What#039;s next for Alabama#039;s new day?

Published 12:00 am Saturday, September 20, 2003

N ow that the much heralded tax vote has come and gone, where do we go from here.

I think it depends in part on how you interpret the defeat of Amendment One.

The Riley Administration is interpreting the vote as being the citizens of Alabama are overwhelmingly against any new taxes to support government services.

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A Riley spokesman told me this past week that he used the word "overwhelmingly" because of the lopsided no vote.

You will recall that the no's were 68% and the yea's were 32%.

The vote was indeed overwhelmingly against the amendment but does that mean that the people of Alabama are opposed to any new tax if it were earmarked for needed services.

I think this is a reasonable question to ask and I would like to explain why I feel it is.

First of all, I am not surprised at the defeat of the amendment.

The way the Riley Administration set it up, it was an all or nothing proposition.

In other words, you could not selectively pick those things you felt comfortable with.

You had to vote yes or no on the entire package.

In effect, this meant you had to take the bad with the good.

Most Alabamians with whom I spoke did not like this approach.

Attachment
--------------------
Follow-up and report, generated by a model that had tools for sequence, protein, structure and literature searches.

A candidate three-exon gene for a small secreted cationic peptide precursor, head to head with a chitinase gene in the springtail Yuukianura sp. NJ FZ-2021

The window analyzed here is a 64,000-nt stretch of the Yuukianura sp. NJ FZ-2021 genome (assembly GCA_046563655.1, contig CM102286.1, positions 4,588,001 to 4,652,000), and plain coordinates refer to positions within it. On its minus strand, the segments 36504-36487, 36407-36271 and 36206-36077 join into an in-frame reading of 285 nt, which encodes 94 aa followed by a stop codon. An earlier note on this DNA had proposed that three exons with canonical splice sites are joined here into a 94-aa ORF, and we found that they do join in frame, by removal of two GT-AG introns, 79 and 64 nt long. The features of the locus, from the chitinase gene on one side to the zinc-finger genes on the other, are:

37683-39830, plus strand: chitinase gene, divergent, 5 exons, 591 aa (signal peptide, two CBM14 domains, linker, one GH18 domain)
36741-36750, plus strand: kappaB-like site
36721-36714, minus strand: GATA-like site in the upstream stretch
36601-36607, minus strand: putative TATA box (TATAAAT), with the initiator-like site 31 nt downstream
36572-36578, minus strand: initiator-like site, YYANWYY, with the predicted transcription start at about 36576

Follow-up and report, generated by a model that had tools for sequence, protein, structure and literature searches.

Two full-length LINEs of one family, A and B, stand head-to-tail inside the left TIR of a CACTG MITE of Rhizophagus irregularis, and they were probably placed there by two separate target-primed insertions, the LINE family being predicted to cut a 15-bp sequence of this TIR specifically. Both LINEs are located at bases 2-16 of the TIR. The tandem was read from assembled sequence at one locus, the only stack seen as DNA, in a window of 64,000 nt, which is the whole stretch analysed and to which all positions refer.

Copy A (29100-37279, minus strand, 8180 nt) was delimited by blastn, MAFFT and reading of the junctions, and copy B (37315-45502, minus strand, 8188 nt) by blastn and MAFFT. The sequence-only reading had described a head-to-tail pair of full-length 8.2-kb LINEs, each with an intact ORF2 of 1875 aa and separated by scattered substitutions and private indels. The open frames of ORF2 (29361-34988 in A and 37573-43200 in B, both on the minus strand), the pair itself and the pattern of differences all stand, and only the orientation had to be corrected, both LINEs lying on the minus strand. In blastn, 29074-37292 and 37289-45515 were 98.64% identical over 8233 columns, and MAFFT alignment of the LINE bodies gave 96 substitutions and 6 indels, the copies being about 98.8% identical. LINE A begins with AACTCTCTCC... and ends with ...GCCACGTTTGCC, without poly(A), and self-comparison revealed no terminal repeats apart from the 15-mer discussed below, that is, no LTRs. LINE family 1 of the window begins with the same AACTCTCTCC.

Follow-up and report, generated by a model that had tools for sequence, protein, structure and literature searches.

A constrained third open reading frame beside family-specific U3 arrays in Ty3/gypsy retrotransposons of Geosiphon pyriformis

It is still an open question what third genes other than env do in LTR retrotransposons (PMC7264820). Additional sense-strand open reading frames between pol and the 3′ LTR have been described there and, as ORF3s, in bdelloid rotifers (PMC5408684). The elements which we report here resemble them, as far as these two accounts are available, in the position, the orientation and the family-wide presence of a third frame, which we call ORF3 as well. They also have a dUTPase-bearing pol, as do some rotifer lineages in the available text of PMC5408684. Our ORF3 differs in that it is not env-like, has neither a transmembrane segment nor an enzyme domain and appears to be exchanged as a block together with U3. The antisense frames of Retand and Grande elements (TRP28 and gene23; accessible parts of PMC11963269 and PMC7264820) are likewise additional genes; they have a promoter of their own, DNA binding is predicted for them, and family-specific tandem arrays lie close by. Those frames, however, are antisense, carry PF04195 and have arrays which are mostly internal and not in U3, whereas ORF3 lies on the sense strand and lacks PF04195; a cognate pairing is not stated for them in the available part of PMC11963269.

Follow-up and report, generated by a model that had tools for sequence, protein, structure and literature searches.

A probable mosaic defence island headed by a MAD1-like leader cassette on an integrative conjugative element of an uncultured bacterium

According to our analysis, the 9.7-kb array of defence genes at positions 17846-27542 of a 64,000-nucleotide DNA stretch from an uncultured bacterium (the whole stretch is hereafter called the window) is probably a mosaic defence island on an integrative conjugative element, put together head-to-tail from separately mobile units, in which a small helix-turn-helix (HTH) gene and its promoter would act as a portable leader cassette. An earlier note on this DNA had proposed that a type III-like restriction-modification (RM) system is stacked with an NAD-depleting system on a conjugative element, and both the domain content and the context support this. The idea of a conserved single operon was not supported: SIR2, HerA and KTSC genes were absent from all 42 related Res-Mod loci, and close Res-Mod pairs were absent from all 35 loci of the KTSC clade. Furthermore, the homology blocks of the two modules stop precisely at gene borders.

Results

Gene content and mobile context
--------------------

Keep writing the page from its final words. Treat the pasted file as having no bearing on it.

Secondly, the tax bills were extremely complicated.

Thirdly, there was a tax included which I voted against in the Legislature – the tax on services.

Finally, I feel that those who oppose the tax package were more skillful in portraying their point of view than those who advocated its package.

There has been a lot of sentiment expressed that on top of all the reasons for opposing the amendment there was an additional concern, that being a distrust of the Alabama Legislature.

When I hear this, I assume that distrust is equated with misspending or mismanagement of tax dollars.

There are some legislators who should plead "guilty" to such an allegation, but for the most part I serve with a lot of talented, unselfish people who want what is best for the state of Alabama.

So what do we do now?

We are in session this week to look at options, one of which is to pass a budget based on the monies available.

If we do this, then all services of state government will be dramatically curtailed.

It will be my goal to attempt to impact those agencies and services least which directly affect our public health and public safety.

This will be an arduous task, and I earnestly solicit your views on what our priorities should be.

Senator Wendell Mitchell can

be reacjed at 334-242-7883, or by writing

to P.O. Box 225, Luverne, AL 36049.